• Specifically, they found written in the law that the LORD commanded Moses that the children of Israel should dwell in booths in the Feast of Tabernacles during the seventh month. (It was in the seventh month that they read this passage in the Law. See verse 2.)  The people gladly followed this observance that both commemorated their Exodus and the Messiah that would one day come to "tabernacle" with them.

Does God make any promises?
  • The law that Ezra read contained the promises of God, too, including the promise of restoration such as the people were experiencing at that time. They were witnesses of God's promises being fulfilled.

Does this chapter teach anything about Jesus?

  • The Feast of Tabernacles as observed by the people in the latter part of the chapter was a portrayal of the Messiah, Jesus Christ. He "tabernacled" (took on our humanity) when He became man and dwelt among us.

Does this chapter teach anything about yet-future events?

  • The people wept when they considered the results of sin but the Levites told them the time for weeping was over. Now was a time of celebration because the joy of the Lord was their strength! They shared gifts of food with each other as they celebrated. This is a foreshadowing of that great day when all God's people will gather together. All earthly struggles will be over. There will be no more crying. All will share the goodness of the Lord together. The joy of the Lord is our strength!

Tuesday, September 15, 2015

Journal Through the Bible: Week 104 Tuesday

Nehemiah 7:39-73
A detail of the priestly garments infographic
provided via Faithlife Network.
Lexham Press. Logos Bible Software Infographics.
Bellingham, WA: Lexham Press, 2009. Print.

This is a continuation of the list of people that returned from captivity. We are given the names of the priests, specifically 4 of them. (These later divided into courses of service again as was shown when Zechariah was serving in the Temple when he had his meeting with the angel concerning the birth of John the Baptist.)

The Levites are also mentioned here as are the Temple servants (Nethinims) of Solomon. These were probably originally conquered Gentiles who assimilated into the Jewish culture by intermarrying with the Jews. After all, they could prove their genealogy whereas certain supposed men of the tribe of Levi could not and were therefore removed by the governor as priests until they had access to Urim and Thummin.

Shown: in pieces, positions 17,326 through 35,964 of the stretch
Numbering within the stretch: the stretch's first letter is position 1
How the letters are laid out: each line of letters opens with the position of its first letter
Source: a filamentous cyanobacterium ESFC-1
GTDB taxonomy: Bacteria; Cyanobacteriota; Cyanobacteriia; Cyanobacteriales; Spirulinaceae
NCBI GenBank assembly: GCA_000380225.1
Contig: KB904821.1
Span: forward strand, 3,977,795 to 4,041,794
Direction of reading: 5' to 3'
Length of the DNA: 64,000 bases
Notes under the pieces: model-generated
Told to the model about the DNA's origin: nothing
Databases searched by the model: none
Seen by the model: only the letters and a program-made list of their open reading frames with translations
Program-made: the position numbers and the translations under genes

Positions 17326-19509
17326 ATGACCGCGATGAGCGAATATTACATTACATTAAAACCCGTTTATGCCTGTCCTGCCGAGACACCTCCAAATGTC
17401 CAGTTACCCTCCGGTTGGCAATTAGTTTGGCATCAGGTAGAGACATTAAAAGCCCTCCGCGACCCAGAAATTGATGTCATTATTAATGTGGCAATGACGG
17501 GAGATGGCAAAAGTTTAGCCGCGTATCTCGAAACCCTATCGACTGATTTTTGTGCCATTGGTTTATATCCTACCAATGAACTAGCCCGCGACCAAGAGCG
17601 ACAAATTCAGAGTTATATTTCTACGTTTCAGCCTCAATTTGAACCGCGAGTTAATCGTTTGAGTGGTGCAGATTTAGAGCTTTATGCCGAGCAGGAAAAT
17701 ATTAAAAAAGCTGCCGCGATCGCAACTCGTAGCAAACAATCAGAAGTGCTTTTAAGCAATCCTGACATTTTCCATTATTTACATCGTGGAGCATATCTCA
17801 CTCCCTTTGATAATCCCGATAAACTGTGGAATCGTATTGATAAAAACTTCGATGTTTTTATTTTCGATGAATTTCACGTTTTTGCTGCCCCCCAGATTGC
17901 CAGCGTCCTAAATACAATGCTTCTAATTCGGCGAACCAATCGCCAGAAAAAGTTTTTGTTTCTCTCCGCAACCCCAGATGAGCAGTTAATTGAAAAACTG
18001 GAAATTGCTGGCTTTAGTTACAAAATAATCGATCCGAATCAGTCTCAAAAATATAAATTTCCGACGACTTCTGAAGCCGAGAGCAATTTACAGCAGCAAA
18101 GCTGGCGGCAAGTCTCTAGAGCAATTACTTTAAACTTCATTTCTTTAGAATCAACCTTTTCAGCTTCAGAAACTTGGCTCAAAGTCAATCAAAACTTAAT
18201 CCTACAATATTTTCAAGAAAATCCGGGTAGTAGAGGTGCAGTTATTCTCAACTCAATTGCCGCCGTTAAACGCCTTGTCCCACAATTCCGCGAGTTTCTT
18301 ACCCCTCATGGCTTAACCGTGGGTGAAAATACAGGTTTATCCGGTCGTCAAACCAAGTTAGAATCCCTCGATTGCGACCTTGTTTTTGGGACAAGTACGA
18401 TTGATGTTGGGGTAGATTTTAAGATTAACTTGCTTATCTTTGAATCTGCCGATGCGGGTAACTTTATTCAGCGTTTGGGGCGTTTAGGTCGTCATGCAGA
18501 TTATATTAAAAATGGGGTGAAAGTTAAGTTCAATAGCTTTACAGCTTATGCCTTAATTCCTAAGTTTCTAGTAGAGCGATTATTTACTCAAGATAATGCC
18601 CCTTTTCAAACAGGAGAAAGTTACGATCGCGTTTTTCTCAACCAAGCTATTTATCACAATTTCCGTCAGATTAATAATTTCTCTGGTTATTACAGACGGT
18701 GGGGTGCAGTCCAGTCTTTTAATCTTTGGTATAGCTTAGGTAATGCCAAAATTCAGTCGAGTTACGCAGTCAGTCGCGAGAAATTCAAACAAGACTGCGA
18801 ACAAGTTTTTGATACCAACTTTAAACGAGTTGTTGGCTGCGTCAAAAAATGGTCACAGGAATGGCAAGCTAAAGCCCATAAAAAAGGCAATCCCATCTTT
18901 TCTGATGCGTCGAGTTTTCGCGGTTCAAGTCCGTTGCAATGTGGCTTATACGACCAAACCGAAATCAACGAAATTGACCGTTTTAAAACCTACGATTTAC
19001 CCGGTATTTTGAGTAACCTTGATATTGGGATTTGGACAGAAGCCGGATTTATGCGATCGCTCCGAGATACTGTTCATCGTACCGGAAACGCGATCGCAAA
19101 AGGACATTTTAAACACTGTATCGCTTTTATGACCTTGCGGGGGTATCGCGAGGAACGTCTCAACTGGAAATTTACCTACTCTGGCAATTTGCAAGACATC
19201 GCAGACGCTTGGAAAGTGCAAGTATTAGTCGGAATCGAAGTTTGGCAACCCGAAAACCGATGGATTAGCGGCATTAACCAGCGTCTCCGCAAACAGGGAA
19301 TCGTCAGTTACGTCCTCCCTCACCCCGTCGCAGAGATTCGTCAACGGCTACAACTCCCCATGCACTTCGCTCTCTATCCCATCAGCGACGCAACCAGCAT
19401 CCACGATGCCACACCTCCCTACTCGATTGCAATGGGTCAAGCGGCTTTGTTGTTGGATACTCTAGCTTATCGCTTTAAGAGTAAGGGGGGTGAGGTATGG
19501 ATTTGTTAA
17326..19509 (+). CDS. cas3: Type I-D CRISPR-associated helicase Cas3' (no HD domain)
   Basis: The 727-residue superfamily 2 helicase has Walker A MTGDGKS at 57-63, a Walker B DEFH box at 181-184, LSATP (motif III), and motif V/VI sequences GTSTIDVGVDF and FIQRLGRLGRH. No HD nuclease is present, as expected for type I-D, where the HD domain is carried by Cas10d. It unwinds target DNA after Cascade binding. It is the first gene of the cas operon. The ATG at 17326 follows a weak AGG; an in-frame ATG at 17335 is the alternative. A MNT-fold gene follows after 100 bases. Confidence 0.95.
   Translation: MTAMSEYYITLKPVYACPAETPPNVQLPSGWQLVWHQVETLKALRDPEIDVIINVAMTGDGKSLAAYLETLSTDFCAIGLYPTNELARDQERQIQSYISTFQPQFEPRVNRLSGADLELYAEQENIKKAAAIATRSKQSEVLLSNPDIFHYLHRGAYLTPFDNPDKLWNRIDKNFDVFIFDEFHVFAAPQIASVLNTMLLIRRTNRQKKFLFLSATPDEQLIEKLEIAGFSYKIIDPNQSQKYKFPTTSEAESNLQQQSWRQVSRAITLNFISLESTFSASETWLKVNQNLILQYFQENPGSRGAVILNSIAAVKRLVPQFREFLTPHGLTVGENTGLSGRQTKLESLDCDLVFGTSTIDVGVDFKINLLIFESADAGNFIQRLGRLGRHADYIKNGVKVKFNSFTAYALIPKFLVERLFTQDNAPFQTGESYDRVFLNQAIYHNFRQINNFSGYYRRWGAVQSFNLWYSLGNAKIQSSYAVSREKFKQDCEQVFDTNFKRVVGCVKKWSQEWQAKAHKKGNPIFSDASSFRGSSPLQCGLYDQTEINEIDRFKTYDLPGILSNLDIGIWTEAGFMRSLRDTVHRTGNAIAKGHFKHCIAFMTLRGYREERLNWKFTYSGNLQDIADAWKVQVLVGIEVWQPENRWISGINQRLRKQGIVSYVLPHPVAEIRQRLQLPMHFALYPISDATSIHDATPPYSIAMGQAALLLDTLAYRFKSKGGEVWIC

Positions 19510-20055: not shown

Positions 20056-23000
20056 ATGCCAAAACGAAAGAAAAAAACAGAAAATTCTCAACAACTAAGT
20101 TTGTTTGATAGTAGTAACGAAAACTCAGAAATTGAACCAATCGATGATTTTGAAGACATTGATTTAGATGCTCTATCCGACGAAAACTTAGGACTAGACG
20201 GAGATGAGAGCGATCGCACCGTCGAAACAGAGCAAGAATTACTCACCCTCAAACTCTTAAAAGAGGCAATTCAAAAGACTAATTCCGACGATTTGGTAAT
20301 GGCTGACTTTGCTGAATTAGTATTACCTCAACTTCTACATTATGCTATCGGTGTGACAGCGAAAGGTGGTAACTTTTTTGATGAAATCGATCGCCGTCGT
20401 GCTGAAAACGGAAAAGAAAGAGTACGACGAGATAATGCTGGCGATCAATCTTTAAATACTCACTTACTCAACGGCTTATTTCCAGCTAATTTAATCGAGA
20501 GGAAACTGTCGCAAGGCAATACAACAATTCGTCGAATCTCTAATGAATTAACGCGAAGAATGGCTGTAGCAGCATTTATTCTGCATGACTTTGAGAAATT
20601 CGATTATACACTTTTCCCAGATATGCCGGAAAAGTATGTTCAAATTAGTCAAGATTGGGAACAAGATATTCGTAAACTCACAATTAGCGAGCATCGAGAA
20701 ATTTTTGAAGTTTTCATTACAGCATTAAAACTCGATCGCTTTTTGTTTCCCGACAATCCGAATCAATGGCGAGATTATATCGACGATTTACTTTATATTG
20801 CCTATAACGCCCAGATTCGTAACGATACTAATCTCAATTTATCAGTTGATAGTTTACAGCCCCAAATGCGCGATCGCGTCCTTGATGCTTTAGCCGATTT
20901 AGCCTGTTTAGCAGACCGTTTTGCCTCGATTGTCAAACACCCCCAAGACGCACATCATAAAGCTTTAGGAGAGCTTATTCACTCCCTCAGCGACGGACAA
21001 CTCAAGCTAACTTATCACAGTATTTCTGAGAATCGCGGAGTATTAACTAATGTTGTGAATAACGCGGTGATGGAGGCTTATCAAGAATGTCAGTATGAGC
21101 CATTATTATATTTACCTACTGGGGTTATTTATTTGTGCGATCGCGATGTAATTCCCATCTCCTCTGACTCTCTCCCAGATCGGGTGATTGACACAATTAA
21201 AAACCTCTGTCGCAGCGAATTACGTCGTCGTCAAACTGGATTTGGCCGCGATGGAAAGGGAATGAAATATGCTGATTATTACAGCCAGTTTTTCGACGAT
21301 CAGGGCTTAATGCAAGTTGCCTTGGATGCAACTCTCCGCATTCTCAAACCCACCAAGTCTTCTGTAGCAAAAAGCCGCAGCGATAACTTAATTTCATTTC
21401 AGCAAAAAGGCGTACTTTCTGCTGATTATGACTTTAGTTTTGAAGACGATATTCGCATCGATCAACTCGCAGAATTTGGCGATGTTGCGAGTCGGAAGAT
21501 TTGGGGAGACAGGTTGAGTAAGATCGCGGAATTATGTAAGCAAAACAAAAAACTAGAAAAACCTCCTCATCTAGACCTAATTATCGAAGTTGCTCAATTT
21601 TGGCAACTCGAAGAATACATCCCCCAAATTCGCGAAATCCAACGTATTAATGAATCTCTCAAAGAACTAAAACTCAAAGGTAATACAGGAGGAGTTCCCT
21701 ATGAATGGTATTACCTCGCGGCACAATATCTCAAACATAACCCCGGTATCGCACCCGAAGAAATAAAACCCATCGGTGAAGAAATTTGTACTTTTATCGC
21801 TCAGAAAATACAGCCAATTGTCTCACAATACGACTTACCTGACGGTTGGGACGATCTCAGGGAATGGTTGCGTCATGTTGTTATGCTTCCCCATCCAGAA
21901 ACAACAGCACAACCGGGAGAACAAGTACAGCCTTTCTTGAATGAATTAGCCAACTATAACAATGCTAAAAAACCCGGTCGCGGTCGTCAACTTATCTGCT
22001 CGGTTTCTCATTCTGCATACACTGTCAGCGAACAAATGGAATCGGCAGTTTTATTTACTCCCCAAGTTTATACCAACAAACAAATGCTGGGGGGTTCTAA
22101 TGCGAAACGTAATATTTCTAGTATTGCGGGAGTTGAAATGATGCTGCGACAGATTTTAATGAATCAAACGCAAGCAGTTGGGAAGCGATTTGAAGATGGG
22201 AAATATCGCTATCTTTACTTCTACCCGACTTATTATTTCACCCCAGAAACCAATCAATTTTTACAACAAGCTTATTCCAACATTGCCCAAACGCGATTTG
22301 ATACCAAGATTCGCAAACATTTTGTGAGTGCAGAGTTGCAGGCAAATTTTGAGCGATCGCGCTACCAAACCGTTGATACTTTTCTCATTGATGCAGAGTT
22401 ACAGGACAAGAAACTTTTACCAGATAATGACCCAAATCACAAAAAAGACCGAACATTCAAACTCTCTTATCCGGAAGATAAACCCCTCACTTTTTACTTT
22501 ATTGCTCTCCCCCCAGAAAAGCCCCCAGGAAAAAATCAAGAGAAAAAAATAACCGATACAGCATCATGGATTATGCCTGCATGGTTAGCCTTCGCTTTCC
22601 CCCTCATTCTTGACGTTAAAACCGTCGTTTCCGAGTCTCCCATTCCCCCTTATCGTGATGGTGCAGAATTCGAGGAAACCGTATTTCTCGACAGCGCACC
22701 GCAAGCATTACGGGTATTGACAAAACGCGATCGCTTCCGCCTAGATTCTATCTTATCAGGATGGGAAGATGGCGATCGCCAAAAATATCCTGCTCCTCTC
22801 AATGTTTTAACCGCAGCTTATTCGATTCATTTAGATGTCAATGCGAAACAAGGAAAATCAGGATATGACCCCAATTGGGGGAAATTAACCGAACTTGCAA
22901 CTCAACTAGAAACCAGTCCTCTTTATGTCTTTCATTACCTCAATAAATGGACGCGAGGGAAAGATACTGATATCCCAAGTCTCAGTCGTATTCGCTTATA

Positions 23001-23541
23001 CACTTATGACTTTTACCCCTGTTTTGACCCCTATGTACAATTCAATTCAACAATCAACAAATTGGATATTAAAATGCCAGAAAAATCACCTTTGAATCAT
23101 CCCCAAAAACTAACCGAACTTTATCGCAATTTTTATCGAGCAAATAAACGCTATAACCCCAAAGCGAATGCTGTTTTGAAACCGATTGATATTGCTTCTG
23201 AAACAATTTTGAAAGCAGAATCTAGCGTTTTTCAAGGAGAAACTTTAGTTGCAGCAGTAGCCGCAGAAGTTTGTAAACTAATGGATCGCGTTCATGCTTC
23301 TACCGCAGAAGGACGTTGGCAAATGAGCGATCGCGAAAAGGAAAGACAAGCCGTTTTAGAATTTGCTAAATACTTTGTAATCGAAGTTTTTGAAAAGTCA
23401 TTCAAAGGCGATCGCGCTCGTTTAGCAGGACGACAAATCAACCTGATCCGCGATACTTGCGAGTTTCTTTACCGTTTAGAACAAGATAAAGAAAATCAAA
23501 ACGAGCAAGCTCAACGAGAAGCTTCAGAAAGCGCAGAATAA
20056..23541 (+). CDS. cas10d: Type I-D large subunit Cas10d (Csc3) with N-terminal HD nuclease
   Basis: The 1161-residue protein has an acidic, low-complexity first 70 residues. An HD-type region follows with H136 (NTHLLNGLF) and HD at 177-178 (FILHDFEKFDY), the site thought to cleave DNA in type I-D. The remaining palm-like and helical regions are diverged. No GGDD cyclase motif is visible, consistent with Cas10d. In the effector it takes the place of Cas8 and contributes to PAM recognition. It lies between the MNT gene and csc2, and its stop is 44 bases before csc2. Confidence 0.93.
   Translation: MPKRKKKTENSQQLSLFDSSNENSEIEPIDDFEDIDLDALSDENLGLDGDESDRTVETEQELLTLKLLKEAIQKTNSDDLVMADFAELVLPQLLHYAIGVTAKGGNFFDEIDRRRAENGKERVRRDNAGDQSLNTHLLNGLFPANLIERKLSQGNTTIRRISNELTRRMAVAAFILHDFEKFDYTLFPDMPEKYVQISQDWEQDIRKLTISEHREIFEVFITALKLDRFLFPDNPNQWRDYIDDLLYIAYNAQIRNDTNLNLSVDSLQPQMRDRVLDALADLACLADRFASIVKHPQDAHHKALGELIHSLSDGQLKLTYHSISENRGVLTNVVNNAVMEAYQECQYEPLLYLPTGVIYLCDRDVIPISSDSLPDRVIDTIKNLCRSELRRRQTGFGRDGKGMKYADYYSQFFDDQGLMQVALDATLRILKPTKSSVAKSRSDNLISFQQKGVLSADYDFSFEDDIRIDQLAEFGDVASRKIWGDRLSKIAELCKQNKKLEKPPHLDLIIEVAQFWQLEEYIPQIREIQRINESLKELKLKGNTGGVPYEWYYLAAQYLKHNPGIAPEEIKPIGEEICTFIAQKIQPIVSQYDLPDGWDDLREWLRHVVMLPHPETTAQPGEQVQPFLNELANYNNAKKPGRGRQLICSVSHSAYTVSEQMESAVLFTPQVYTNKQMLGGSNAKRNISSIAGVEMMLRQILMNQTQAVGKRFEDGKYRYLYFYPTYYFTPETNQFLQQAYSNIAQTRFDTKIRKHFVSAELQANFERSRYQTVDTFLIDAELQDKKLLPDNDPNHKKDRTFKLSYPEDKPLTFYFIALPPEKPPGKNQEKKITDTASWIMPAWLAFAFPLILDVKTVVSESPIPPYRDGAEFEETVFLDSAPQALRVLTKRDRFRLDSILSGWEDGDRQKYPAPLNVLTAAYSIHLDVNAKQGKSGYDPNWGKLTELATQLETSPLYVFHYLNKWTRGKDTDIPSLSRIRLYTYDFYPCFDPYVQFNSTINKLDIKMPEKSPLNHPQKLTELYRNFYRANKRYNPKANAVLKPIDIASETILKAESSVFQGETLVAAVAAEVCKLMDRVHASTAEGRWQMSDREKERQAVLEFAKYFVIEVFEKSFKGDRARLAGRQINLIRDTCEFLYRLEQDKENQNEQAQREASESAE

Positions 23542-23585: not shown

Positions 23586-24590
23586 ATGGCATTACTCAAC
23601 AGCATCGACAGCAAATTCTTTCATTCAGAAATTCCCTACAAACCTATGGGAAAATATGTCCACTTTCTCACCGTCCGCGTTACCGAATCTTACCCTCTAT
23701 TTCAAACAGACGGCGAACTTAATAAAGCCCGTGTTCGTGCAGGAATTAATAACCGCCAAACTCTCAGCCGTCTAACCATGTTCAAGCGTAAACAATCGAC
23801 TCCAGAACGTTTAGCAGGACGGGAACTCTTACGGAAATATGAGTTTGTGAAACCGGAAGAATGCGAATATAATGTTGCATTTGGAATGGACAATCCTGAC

Does God issue any commands?

  • No, God does not speak, however this is a continuation of the leading of God to Nehemiah that was mentioned earlier in the chapter. (verse 5)

Does God make any promises?

  • No, God does not speak.

Does this passage teach anything about Jesus?

  • The Urim and Thummin was a tool  that pertained to the priest and was used for judgment and discerning God's will. No one today seems to know exactly what it was or how it worked but it was one of the means by which God communicated with His people before the law and prophets were complete. Jesus is our High Priest. He is also the Perfect Judge. Therefore, the Urim and Thummin is a picture of the Lord Jesus Christ, the One Who always did the Father's will and made it known to us.
  • There are some similarities between the people who had assumed a right to be in certain positions without proper verifying documents and the parable that Jesus told about the wedding where people presumed to participate without proper wedding garments. Proper accreditation is necessary in the kingdom of God.

Does this passage teach anything about yet-future events?

  • Only those with proper credentials (robes of righteousness as supplied through the blood of the Lord Jesus Christ) will be priests in God's future kingdom and Jesus will be the judge of who that is. Only those who are His can be priests in His Kingdom. (Priesthood of believers is one of the positions a person obtains when he or she trusts Christ. This means Christians have direct access to God. One day that access will be face-to-face communication while now it is by prayer through the Lord Jesus Christ, our mediator through Whom we have access to the very Throne of God the Father.)